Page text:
The New York Times reports on a common trend at religious private institutions; an inability to access what their beliefs and values disagree with. On college campuses today, one of the most controversial withholdings of the Catholic communities is access to contraception. However, a recent ruling by the Obama Administration follows the advice of the federal Food and Drug Administration in stating that access to contraceptions is a necessary component of women's health, seeking to prevent the 50% of pregnancies that are unplanned, and the 4 in 10 of those that end in abortion.
These issues are a hot political topic today, as each Republican presidential primary candidate weighs in against increased access to birth control. Mitt Romney has stated that he would end Title 10, which provides family planning for women. Rick Santorum would end health insurance codes to provide these services for women, and he and Newt Gingrich would seek to make fertilized eggs considered people. Gingrich would also withdraw all federal money from planned parenthood, although currently federal dollars going to planned parenthood cannot be used to fund abortions.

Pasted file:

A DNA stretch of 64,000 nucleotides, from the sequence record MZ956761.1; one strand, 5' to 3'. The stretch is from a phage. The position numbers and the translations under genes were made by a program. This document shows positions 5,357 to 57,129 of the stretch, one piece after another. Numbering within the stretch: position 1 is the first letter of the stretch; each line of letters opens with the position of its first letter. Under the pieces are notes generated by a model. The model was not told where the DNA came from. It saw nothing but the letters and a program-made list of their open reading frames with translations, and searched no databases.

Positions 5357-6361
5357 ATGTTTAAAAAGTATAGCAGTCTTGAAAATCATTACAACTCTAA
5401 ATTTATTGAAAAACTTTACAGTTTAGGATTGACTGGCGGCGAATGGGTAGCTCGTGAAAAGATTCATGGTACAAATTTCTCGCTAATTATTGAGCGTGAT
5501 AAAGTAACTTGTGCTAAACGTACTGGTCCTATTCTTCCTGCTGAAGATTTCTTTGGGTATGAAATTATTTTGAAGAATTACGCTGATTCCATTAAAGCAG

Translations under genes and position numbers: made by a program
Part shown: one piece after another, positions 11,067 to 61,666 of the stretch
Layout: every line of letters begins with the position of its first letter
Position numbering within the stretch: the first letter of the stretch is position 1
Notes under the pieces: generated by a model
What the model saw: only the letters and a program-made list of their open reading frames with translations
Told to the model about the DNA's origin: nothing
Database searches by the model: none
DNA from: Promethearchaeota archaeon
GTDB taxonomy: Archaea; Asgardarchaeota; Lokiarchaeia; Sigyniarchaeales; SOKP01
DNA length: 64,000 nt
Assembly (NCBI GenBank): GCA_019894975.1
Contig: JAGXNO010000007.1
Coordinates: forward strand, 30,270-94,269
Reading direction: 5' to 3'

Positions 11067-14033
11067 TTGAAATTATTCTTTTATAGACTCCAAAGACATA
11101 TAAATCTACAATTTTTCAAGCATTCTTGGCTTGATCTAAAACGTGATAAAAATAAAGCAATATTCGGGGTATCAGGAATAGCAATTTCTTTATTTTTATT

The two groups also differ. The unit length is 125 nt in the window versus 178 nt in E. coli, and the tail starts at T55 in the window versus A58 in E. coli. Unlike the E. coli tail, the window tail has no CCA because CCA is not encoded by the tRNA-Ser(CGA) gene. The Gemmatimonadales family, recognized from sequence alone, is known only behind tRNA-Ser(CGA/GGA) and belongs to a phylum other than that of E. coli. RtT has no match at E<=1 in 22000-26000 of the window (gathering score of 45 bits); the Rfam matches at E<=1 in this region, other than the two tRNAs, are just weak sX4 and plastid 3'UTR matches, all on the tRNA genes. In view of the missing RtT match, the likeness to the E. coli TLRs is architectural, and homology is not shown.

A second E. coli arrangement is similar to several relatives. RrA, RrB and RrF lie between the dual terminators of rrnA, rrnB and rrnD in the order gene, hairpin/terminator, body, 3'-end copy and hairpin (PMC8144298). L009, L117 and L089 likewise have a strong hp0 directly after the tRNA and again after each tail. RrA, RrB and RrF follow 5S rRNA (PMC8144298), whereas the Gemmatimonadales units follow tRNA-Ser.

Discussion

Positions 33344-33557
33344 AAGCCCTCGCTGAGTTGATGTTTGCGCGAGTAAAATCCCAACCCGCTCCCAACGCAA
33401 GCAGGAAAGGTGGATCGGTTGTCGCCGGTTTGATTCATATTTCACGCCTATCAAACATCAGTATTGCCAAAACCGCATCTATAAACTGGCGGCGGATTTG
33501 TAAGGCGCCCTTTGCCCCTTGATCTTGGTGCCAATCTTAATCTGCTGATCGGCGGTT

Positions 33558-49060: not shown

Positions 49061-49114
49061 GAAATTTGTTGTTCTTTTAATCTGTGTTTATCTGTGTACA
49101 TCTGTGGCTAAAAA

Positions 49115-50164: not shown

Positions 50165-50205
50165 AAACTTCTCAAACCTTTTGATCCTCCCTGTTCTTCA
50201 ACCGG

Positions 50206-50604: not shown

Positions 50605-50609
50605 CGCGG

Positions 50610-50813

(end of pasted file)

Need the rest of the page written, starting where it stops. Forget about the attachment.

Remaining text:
Despite the catholic teachings, 98% of sexually active catholics report having used contraceptives. This figure is identical to that in the general population.
The frame of the argument in this article is from the left-slanting New York Times. With the presidential campaign gearing up, the political background of each candidate and how is relates to the issue is an important contextual note for readers. However, the linguistic choices the author uses to describe each candidate as "taking away" funding and rights is very liberal-slanted, and implants negative connotation to those behaviors.
The author also attempts to reduce the credibility of their sacred teachings by pointing out that the teachings apparently have no effect on the behavior of their followers, because if they are sexually active, they use contraception anyway.